It has been found that tires provided with carcass fabrics made exclusively from polyamide filaments show a high degree of fiat-spotting, whereas tires provided with carcass fabrics made exclusively from polyethylene terephthalate show only a very slight degree of flat-spotting. However, the yarns of the latter fabric show a less satisfactory adhesion to the rubber of the tire and special precautions have to be taken to prevent the carcass fabric from separating from the rubber.

The system according to the present invention overcomes to a large extent the foregoing deficiences and will be more fully understood by reference to the accompanying drawings, wherein:

FIGURE 1 shows a schematic arrangement of a spinning apparatus of this invention with a longitudinal section through the spinning assembly;

FIGURE 2 is a schematic cross section taken along the line 22 of FIGURE 1;

FIGURE 3 is a schematic cross section through the polymer stream taken along the line 33 of FIGURE 1; and

FIGURE 4 is a schematic cross section taken along line 4-4 of FIGURE 1 which is through the polymer between line 33 and the spinneret plate.

FIGURE 1 shows schematically a portion of a melt spinning apparatus of this invention in which numerals 1 and 2 designate two metering pumps that are driven in the directions indicated by the arrows. Two different spinning liquids are drawn between pumps 1 and 2 through feed conduits 3 and 4, respectively, and then are forced through conduits 5 and 6, respectively, which contain filters (not shown) with a fineness which is greater than that of the gauzes or screens more fully described below.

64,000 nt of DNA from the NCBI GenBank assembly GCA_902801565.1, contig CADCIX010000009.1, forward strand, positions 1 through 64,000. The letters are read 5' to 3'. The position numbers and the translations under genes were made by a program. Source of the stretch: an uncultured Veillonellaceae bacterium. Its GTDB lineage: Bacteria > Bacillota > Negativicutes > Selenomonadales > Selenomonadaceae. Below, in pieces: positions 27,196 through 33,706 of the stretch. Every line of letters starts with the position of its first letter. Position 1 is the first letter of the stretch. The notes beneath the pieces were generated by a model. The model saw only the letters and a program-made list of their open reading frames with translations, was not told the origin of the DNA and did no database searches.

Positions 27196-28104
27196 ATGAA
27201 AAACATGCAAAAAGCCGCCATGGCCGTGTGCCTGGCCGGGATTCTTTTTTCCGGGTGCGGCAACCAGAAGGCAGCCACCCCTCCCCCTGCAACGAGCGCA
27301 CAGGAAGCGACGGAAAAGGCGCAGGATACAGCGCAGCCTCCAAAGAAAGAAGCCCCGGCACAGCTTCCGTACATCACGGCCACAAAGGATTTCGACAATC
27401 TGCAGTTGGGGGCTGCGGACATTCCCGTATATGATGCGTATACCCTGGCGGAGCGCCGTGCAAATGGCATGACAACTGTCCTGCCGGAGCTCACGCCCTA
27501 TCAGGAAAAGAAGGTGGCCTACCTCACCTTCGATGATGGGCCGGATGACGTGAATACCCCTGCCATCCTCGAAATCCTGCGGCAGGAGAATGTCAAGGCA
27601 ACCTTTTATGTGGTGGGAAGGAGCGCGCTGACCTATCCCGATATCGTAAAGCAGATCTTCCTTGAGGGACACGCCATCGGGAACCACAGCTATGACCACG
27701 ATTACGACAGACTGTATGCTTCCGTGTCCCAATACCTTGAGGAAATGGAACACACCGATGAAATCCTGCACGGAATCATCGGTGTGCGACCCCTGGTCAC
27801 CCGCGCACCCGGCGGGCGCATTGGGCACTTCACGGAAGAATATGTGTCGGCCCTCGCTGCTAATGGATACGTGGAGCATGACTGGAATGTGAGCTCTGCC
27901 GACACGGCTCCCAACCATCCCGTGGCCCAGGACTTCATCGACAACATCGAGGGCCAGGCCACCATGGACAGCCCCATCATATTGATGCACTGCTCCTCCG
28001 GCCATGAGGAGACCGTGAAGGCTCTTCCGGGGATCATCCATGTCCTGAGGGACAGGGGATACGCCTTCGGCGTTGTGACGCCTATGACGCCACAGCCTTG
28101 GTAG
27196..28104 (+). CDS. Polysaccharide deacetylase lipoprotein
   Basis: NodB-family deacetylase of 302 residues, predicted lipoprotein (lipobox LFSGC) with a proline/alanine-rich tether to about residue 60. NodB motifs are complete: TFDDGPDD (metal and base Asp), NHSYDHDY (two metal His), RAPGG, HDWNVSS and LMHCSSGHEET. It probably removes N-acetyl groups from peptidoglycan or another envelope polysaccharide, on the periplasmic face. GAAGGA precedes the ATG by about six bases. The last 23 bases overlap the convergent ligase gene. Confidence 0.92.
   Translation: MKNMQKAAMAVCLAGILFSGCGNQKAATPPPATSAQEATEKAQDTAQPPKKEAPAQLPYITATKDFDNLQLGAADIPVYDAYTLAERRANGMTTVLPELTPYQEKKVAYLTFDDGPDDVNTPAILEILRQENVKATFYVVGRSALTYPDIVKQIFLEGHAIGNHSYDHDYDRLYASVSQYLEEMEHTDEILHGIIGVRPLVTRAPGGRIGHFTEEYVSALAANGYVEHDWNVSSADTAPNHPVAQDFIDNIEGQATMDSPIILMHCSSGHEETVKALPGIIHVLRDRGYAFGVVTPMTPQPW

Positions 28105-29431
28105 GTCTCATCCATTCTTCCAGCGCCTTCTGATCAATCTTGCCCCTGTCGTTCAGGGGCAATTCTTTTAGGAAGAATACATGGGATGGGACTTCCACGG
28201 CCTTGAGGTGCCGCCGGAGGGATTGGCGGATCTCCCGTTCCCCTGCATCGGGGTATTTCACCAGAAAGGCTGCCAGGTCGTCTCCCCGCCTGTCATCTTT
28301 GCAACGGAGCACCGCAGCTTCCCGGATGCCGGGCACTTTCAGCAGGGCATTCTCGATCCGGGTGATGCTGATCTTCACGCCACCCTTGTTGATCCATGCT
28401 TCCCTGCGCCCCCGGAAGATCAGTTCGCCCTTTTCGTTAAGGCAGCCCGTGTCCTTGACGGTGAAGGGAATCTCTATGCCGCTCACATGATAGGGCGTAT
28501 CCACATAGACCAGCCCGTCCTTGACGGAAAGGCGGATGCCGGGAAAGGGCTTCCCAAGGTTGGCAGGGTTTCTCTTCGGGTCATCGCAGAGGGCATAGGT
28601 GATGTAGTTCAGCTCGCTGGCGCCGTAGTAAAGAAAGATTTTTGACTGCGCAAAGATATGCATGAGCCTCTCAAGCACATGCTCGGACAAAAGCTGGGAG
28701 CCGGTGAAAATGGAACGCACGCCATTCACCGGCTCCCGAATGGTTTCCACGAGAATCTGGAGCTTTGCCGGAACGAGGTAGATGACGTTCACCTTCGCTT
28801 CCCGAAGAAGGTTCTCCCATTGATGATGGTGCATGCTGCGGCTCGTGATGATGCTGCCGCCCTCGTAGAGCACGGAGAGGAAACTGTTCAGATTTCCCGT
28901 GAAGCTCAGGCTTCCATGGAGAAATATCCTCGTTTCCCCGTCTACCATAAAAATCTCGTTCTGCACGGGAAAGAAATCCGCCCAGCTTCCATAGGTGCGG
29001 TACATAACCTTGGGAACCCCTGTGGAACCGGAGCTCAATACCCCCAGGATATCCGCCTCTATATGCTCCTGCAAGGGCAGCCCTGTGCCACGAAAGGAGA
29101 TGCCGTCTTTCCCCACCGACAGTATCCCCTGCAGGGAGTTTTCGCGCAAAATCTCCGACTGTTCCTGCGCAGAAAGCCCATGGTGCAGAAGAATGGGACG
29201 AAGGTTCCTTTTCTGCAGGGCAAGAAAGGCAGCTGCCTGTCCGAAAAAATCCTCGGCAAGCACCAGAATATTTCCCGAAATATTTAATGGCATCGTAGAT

The conduits 5 and 6 debouch into a single main conduit 7 through which the two spinning liquids fio-w downwardly in side-by-side relationship. The main conduit 7 widens in section 9 in which there is provided a mixer (not shown) in which the number of layers of the two spinning liquids can be repeatedly doubled from 2 to over 1,000.

The mixer, which as stated is not shown, is of the type described in detail and claimed in US. Patent No. 3,051,453, having common ownership herewith. The subject matter thereof is incorporated herein by reference.

Downstream of the mixer, the conduit 7 remains rectangular in cross section but diverges in a downward direction. The conduit 7 debouches into the spinneret assembly 8 in which there is mounted a spinneret plate 10.